Boobies and butts are what make the universe a pretty awesome place to exist in. How is this so? Just ask Dandy himself, and he could tell you all about it in glorious enthusiasm. This Dandy I speak of is named Space Dandy. Imagine if you mixed the best of western and eastern humor of TV animation shows and combine them into one nifty package. That should tell you right away that Space Dandy destines to be different and fresh without making an overtly big deal about it. Regardless, you certainly can’t beat this hot fun garbage series with any other garbage entertainment, anime or otherwise.
It should be noted, when talking about Space Dandy, that this is not a Shinichiro Watanabe directed anime in its purest sense, the director of such classics as Cowboy Bebop and Samurai Champloo. Even though he overseas chief direction for the show, this is essentially a conglomerate of different anime directors putting their own directorial spin on the series. That should tell you right there that Space Dandy does not follow any direct narrative from point A to point B. Episodic episodes spliced together to follow Dandy and his band of various misfits, all create a western-style animated series vibe that can be nostalgic for those of us growing up as kids watching these shows day by day. So if you thought this was going to be a Cowboy Bebop-style show, just be thankful that you will be getting the filler episode portions of Bebop.
Nevertheless, that should not entail that Space Dandy is nothing more than a comedic version of Bebop. In actuality, it brings forth a very unique style of its own to formulate charm to its humor and characters. Almost all jokes prevalent in Space Dandy hit all of the notes perfectly with nicely done comedic timing and on top of it, they don’t just make all of the jokes onto one subject matter. Sure, the main focus of Space Dandy’s comedy is purely sexual with its constant pandering over butts and boobs, but once you further yourself into the show, you’ll realize that it is not the case. Many tropes are satirized from what you would typically see in any animated show with male characters like Dandy; always getting what he wants in the end that quickly falls flat over him.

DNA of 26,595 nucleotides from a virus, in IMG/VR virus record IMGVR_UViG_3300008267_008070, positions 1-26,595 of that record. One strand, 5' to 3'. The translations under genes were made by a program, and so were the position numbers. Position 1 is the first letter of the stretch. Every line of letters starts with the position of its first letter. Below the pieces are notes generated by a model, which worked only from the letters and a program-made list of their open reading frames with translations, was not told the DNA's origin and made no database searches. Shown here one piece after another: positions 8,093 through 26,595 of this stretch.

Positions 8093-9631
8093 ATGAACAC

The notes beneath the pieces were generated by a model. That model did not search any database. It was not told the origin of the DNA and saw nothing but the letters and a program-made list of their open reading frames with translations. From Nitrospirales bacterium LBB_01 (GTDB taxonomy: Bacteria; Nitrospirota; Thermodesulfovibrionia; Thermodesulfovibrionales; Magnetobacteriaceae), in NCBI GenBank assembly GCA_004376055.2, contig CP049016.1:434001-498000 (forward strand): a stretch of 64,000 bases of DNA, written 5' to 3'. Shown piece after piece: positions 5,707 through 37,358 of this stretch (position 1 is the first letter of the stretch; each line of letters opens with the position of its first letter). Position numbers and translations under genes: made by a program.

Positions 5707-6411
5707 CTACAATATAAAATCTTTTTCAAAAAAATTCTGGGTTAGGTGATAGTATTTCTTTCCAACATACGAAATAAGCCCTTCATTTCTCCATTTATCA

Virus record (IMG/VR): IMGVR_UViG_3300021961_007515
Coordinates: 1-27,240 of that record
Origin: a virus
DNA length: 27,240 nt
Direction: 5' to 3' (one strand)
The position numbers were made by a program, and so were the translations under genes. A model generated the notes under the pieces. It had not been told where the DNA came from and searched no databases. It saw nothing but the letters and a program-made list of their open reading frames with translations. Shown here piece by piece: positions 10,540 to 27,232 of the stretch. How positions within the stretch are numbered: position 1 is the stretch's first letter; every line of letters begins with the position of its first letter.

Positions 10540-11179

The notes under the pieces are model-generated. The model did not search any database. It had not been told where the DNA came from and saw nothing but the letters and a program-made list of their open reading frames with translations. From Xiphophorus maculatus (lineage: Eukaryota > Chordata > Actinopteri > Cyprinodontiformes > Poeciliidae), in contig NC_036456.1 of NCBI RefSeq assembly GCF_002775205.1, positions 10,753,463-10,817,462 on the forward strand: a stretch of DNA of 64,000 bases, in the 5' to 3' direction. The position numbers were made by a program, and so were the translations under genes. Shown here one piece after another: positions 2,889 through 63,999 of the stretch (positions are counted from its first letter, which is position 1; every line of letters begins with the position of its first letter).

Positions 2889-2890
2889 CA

There are genuine surprises thrown in here and there. For instance, it is probably one of the few anime you will ever see that has its own musical number. Even with its comedy, the writers actually delve into introspective subject matter that actually become insightful and melancholic while still maintaining its humor without exemplifying it unnaturally. Rarely would I ever applaud a show for being able to achieve both of these elements. The reason being is how the jokes are written in very clever fashion by its intricate pacing and punchlines. Never is there a dull moment between the hilarious banter of Dandy and his friends out of the 26 episodes in this series.
Dandy himself is quite the protagonist in keeping the show at an evenly paced comedy with his larger than life charisma and presence. Normally with a man who constantly obsesses over booty and tits can be grating over a period of time. What makes Dandy an exception is that they do not really shove the obvious joke down our throats continuously, although in some parts they do, especially in the earlier episodes. He proves himself to be an exceptional lead, but that’s not to say he’s the only one who is able to do that in Space Dandy.
Meow, Dandy’s right hand man after humiliating him in the first episode, isn’t similar to Dandy in terms of personality. In fact, Meow would be the one to set him straight to focus on their missions, even though Dandy himself isn’t a total idiot in most cases. QT, Dandy’s robot sidekick, is the same way in this aspect, where he is always trying to keep things in order over Dandy’s typical behavior. Both of these leads are extremely lovable because of the perfect chemistry between them and Dandy. Even when their relationship seems atypical, goofy trite at first glance, they eventually warm up to being match made in heaven.